Abstracts of issue 5-6 (1987)

Haris Xanthoudakis

Sonority and Timbre, from Impressionism to Cubism: The French Contribution to the Formation of Modern Music

Recent musical historiography recognizes that certain French composers hold an important place in the history of contemporary music. Nevertheless, these isolated cases are considered uniquely in their relationship to a partial evolutive scheme, elaborated during the period of militant serialism. According to this scheme, actual music (which would also be defined by a positive or negative relation to serial music) springs from a tradition, which departs from the emancipation of dissonance, advances through the establishment of atonality, dodecaphony and total serialism, to disperse in a post-serial arborescence of styles.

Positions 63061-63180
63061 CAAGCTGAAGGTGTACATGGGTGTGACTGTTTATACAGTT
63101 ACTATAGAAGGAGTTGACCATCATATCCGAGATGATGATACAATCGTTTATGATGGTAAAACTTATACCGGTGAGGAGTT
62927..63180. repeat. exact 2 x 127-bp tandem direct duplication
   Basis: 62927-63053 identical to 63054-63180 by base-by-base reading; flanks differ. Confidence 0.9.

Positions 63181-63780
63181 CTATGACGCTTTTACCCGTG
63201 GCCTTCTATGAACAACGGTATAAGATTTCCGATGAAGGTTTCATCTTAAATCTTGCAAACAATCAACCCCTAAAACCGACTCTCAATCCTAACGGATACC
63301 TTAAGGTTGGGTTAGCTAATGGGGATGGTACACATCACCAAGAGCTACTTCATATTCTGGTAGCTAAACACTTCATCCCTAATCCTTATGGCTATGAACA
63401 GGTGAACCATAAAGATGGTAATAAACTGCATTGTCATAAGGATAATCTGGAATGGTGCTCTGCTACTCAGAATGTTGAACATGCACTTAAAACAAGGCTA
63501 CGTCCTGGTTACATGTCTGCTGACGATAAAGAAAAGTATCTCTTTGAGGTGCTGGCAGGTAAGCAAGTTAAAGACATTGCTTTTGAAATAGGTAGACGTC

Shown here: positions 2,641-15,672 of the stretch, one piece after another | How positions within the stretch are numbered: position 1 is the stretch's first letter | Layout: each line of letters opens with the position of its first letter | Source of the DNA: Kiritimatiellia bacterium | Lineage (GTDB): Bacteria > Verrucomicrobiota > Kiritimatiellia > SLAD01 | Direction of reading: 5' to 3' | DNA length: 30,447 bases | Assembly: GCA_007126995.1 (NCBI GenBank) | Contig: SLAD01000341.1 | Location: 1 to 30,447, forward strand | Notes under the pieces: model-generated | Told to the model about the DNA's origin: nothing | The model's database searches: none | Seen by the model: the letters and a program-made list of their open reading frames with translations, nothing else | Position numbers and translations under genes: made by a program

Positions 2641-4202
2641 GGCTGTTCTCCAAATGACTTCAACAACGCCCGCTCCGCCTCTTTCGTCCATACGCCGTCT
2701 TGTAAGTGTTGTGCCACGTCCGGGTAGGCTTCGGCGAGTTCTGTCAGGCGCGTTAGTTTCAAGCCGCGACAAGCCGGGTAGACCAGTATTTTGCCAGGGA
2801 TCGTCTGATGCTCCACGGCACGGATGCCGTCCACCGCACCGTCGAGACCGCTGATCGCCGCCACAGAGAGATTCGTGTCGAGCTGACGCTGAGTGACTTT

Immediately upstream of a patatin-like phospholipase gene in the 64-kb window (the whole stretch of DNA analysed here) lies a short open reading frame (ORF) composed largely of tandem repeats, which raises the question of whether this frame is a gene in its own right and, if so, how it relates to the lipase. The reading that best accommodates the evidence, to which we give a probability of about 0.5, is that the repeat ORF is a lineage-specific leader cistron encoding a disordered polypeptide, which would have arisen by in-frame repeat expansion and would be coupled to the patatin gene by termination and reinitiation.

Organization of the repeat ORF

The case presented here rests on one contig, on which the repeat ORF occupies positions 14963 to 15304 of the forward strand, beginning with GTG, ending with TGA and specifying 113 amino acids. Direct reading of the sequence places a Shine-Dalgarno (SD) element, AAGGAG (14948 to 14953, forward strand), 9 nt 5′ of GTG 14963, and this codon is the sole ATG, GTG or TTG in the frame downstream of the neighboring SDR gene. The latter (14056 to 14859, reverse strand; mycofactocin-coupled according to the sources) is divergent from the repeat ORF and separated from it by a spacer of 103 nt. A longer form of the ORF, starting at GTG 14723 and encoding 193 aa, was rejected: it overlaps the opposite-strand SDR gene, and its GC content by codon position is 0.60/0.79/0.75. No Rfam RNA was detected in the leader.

Departing from another image of actual music, an image based on the idea of the mutation of sonorous material and on the hypothesis that French music tradition has always been oriented towards sonoristic considerations, detrimental of functional harmony and thematic elaboration, the writer hereby proposes to examine the contribution of this tradition to the formation of modern music, through the French musical revolutions, occurring at the beginnings of our century, which, being radical, could not possibly be much isolated or deprived of systematic foundations.